These moments of intense creativity I not only witnessed, but they would also provide to this day a cherished source of wonder and learning for me. Usually after dinner, with a freshly-lit cigarette firmly tucked in his holder, its smoke mingling with the steam rising from the tea in a partially covered porcelain cup nestled in an old silver stand, Grandfather would sit before his huge wooden desk set in the ante-room of his bedroom suite. I would frequently take up a position standing behind his left shoulder so that I could peer directly at the pad on which he would scribble a few lines of almost illegible characters. (Grandfather had told me more than once that though he considered himself educated, he was embarrassed by his poor calligraphy because he never had the patience and the determination in his youth to do much practice. His confession, I should say, much comforted me because I found calligraphy, unlike reading and writing, also a painful exercise. Both of us, moreover, took comfort and delight in the fact that one of our favorite pre-modern poets, Yuan Mei 袁枚 of the Qing, also wrote in a poor hand for want of diligent practice).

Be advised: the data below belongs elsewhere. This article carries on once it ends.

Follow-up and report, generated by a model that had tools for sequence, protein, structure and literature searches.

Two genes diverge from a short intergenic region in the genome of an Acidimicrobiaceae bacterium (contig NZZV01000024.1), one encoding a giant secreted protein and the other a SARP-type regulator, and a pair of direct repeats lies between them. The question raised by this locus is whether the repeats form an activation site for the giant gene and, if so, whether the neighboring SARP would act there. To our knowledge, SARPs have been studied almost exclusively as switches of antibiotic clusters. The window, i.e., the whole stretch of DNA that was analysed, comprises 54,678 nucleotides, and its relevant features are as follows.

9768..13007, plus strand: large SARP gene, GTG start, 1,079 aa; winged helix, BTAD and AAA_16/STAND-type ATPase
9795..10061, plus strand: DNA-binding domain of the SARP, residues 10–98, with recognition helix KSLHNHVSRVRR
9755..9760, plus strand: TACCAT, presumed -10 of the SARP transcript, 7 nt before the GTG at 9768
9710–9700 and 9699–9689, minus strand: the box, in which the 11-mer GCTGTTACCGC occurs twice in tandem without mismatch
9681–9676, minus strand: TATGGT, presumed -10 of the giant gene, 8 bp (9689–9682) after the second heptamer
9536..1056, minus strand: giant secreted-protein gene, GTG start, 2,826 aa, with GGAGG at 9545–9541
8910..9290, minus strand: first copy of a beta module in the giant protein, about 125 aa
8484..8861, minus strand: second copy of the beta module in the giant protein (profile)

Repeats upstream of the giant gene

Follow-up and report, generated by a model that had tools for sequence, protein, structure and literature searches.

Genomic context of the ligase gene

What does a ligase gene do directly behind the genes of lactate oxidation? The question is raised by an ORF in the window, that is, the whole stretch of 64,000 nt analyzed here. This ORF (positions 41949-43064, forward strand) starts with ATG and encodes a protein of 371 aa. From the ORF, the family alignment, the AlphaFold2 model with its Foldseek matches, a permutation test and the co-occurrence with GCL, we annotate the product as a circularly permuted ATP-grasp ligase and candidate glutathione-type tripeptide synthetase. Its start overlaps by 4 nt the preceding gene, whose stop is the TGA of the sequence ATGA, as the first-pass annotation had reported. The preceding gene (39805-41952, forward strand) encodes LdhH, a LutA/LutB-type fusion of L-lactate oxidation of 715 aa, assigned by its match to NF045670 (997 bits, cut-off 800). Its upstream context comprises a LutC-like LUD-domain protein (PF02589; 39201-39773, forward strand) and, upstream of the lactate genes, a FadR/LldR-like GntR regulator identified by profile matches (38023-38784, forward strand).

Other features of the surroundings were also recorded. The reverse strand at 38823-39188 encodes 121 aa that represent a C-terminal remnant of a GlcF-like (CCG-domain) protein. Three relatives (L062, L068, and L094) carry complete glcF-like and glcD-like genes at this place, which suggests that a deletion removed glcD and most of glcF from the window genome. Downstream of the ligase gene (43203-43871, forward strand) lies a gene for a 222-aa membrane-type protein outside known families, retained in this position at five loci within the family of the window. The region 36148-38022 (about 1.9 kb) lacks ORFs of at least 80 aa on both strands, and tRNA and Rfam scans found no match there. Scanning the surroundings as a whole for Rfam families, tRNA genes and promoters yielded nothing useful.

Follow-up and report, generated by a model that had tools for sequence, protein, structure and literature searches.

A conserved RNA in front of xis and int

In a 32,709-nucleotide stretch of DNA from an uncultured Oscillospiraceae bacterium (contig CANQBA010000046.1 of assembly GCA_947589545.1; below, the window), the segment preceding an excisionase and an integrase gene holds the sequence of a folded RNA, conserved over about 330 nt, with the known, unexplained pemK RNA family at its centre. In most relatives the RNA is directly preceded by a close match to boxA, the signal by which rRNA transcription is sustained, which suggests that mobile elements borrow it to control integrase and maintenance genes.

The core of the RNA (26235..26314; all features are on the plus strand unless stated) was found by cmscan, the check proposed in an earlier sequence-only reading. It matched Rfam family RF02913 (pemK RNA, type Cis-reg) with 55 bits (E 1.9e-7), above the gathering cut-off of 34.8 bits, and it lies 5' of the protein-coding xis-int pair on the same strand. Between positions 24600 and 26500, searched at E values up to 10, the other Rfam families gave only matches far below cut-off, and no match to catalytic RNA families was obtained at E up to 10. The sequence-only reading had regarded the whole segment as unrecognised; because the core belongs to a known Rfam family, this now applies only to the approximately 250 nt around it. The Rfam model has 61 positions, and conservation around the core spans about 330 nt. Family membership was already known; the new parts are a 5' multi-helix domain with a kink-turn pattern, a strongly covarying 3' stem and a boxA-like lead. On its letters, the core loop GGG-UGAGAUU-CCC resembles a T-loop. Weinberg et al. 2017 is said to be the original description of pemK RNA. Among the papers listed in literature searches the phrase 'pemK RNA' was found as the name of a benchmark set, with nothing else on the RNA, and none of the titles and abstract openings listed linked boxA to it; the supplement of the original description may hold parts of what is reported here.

After the initial jottings, Grandfather would puff on his cigarette, sometimes for quite a few minutes, before setting down more lines until a good portion of the poem or its entirety had been finished. As he stared intently at his creation, almost invariably the process of revision would begin as well—the crossing out of a word or phrase here, the substitute of a word there, whole lines cut up and re-arranged, more alternate lines or phrasings wedged between the lines and in the top or bottom margins. There were times when the page would be virtually covered by what to unfamiliar eyes had to be incomprehensible blotches and scrawls.